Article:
HALO Director Dr. Mark Tremblay is one of the authors on a paper, “Temporal Trends in the Cardiorespiratory Fitness of 2,525,827 Adults Between 1967 and 2016: A Systematic Review,” that was recently published in Sports Medicine. Citation details and a summary of the paper are below.
Lamoureux NR, Fitzgerald JS, Norton KI, Sabato T, Tremblay MS, Tomkinson GR. Temporal Trends in the Cardiorespiratory Fitness of 2,525,827 Adults Between 1967 and 2016: A Systematic Review. Sports Med. 2019 Jan;49(1):41-55.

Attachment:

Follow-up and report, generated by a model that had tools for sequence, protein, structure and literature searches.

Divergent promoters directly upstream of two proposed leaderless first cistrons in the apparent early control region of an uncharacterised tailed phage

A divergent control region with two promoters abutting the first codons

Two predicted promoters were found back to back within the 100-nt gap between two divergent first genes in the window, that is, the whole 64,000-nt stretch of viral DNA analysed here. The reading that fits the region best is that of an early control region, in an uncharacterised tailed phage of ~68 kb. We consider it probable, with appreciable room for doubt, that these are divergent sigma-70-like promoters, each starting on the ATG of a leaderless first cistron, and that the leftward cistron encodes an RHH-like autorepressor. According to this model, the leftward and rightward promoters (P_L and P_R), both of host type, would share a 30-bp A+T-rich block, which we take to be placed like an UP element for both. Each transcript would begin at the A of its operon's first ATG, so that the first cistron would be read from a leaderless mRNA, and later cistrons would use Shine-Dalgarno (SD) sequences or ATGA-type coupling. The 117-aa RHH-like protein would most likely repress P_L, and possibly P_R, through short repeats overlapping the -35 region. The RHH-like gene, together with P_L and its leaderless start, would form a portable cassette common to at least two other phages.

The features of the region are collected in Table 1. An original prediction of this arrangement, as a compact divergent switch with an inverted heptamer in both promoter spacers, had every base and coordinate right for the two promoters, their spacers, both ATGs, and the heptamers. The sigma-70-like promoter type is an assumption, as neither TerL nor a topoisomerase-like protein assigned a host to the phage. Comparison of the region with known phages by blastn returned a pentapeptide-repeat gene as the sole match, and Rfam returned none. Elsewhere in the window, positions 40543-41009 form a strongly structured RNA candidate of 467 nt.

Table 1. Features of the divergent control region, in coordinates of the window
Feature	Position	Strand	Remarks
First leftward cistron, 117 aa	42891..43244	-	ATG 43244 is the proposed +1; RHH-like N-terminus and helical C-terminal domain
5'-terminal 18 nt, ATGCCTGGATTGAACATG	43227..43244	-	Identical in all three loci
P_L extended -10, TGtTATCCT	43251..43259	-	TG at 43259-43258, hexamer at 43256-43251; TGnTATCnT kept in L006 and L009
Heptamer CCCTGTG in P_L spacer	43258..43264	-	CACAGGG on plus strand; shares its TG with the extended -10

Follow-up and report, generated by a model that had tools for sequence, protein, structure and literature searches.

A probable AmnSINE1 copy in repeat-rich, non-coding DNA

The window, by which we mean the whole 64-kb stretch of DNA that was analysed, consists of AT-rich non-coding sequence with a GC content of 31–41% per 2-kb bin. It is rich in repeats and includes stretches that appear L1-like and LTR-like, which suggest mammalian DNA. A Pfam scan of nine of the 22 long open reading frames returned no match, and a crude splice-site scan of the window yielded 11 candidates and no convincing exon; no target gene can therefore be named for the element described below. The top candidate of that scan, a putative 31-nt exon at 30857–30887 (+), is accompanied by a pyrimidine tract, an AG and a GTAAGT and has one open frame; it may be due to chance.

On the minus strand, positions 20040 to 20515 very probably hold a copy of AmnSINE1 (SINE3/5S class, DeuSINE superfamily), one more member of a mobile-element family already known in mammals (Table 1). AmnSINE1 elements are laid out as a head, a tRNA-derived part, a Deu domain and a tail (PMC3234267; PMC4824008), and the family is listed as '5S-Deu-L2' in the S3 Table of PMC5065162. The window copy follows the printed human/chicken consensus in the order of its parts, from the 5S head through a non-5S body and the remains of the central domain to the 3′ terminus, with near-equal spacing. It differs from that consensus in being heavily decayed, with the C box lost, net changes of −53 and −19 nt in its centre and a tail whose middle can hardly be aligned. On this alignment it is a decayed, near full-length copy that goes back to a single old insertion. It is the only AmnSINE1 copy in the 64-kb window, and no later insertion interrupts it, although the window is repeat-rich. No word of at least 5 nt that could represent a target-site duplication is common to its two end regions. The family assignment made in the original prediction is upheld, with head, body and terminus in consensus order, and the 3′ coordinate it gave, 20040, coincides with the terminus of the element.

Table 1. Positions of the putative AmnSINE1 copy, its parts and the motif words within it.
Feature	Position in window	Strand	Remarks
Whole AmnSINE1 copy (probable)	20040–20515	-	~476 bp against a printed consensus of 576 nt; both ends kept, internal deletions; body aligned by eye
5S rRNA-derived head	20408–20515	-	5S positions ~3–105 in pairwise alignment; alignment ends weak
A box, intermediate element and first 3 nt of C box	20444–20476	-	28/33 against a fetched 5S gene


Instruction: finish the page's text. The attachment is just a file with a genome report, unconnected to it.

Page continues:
OBJECTIVE: To estimate international and national temporal trends in the cardiorespiratory fitness (CRF) of adults, and to examine relationships between trends in CRF and trends in health-related, socioeconomic, and environmental indicators. METHODS: Data were obtained from a systematic search of studies that explicitly reported temporal trends in the CRF of apparently healthy adults aged 18-59 years. Sample-weighted temporal trends were estimated using best-fitting regression models relating the year of testing to mean CRF. Post-stratified population-weighted mean changes in percent and standardized CRF were estimated. Pearson’s correlations were used to describe associations between linear trends in CRF and linear trends in health-related, socioeconomic, and environmental indicators. RESULTS: 2,525,827 adults representing eight high- and upper-middle-income countries between 1967 and 2016 collectively showed a moderate decline of 7.7% (95% CI - 8.4 to - 7.0) or 1.6% per decade (95% CI - 1.7 to - 1.5). Internationally, CRF improved in the 1960s and 1970s, and progressively declined at an increasing rate thereafter. Declines were larger for men than for women, and for young adults (< 40 years) than for middle-aged adults (≥ 40 years). All countries experienced declines in CRF with a very strong negative correlation between CRF trends and obesity trends. CONCLUSIONS: There has been a meaningful decline in the CRF of adults since 1980, which has progressively increased in magnitude over time, suggestive of a corresponding decline in population health. Continuous national and international surveillance systems are needed in order to monitor health and fitness trends, especially among low- and middle-income countries for which data do not currently exist. PROSPERO registration number: CRD42013003678.